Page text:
Ananya Chatterjea is a choreographer, dancer, and thinker whose work brings together Contemporary Indian dance, social justice choreography, and a philosophy of #occupydance. She is Artistic Director of Ananya Dance Theatre (www.ananyadancetheatre.org), a Twin Cities-based professional dance company of women artists of color. The company’s work, described as “people powered dances of transformation,” includes concert performances and participatory performances in non-traditional spaces, where audiences become co-creators of movement explorations with the dancers. Ananya is the recipient of a 2011 Guggenheim Choreography Fellowship, a 2012 McKnight Choreography Fellowship, and a 2016 Joyce Award (with The O’Shaughnessy Theater). Ananya is currently writing her second book, Heat, contestations in line, about re-framing understandings of Contemporary Dance from the perspective of dance-makers from a location in the global south. Ananya recently received the Sage Outstanding Dance Educator Award (2015) and an NPN Creation Fund Award (2016) and the National Dance Project Production Grant (2017) for Shyamali (2017), her most recent work about women and dissent.
“Learning lessons from managing drought: Adaptation in an interconnected, uncertain world” – Lisa Dilling, Director, NOAA Western Water Assessment; Professor of Environmental Studies, University of Colorado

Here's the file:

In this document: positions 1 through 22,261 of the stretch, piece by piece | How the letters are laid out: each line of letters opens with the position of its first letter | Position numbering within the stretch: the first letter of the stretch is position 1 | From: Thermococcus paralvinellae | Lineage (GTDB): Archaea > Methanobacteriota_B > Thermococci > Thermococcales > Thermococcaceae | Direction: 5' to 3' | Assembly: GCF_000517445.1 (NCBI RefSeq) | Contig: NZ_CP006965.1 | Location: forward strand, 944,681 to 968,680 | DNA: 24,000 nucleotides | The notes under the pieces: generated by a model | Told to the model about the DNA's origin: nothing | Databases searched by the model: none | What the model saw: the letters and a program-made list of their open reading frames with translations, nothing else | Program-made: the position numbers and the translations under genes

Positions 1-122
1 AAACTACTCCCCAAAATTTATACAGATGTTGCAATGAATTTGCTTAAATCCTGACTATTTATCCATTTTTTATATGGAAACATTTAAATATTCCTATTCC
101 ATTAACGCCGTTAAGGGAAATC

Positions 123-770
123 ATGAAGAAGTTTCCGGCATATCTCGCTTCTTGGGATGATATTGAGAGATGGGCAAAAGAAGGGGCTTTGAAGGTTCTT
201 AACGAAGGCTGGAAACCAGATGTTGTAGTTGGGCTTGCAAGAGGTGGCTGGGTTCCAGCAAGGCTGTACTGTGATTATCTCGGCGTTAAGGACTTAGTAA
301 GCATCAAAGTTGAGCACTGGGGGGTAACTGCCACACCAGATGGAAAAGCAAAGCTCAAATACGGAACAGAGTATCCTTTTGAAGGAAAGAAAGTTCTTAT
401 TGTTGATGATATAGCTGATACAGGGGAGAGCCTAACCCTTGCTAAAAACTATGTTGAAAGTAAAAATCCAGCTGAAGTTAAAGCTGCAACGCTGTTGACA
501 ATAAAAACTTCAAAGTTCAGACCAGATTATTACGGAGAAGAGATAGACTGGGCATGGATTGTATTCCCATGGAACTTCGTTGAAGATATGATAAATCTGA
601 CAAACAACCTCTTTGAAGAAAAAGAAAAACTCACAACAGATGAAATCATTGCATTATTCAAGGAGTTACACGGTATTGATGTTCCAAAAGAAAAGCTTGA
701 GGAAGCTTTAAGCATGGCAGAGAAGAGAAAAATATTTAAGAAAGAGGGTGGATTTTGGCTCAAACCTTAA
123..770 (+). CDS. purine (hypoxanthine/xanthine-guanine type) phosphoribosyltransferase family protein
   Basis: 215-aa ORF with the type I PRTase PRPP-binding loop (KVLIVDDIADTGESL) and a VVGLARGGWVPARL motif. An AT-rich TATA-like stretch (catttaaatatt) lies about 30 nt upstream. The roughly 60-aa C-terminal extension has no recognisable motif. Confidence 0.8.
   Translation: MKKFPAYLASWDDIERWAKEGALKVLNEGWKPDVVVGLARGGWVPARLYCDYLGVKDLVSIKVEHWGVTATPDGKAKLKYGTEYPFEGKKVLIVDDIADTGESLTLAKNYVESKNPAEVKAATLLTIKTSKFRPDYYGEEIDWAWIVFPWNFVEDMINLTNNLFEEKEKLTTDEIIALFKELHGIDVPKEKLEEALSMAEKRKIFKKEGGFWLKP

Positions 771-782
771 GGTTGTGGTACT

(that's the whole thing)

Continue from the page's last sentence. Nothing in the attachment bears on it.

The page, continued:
Cities in the U.S. have been adapting to drought for many years, implementing a combination of mechanisms to cope with climate and water variability and increasing population. These experiences provide a wealth of data on how communities navigate water scarcity in different contexts. Furthermore, these data allow us to examine potential opportunities and challenges for managing future water risks under uncertainty and climate change.
Lisa Dilling is Associate Professor of Environmental Studies, a Fellow of the Cooperative Institute for Research in Environmental Sciences (CIRES) and a member of the Center for Science and Technology Policy Research at the University of Colorado, Boulder. She is Director of the Western Water Assessment, a NOAA Regional Integrated Sciences and Assessment project that studies and facilitates the use of climate information in decision making in the Intermountain West. Her scholarship focuses on decision making, the use of information and science policy. Her research topics include drought and urban water management, climate adaptation in cities and on public lands, carbon management, and geoengineering governance.
“What’s missing in Utah’s economic prosperity?” – Natalie Gochnour, Director, Gardner Policy Institute, Associate Dean, David Eccles School of Business, U of Utah
The Utah economy receives accolades for rapid job growth, low unemployment, industrial diversity, and upward mobility. Economic growth, however, brings challenges as not all areas of the state are prospering and new residents enlarge the state¹s development footprint, demand greater quantities of treated water, contribute to air quality problems, and create other sustainability challenges . The presenter will describe the current status of the Utah economy, provide insights about what¹s missing in our current economic development efforts, and consider public policy interventions that can help us meet the economic needs of future generations.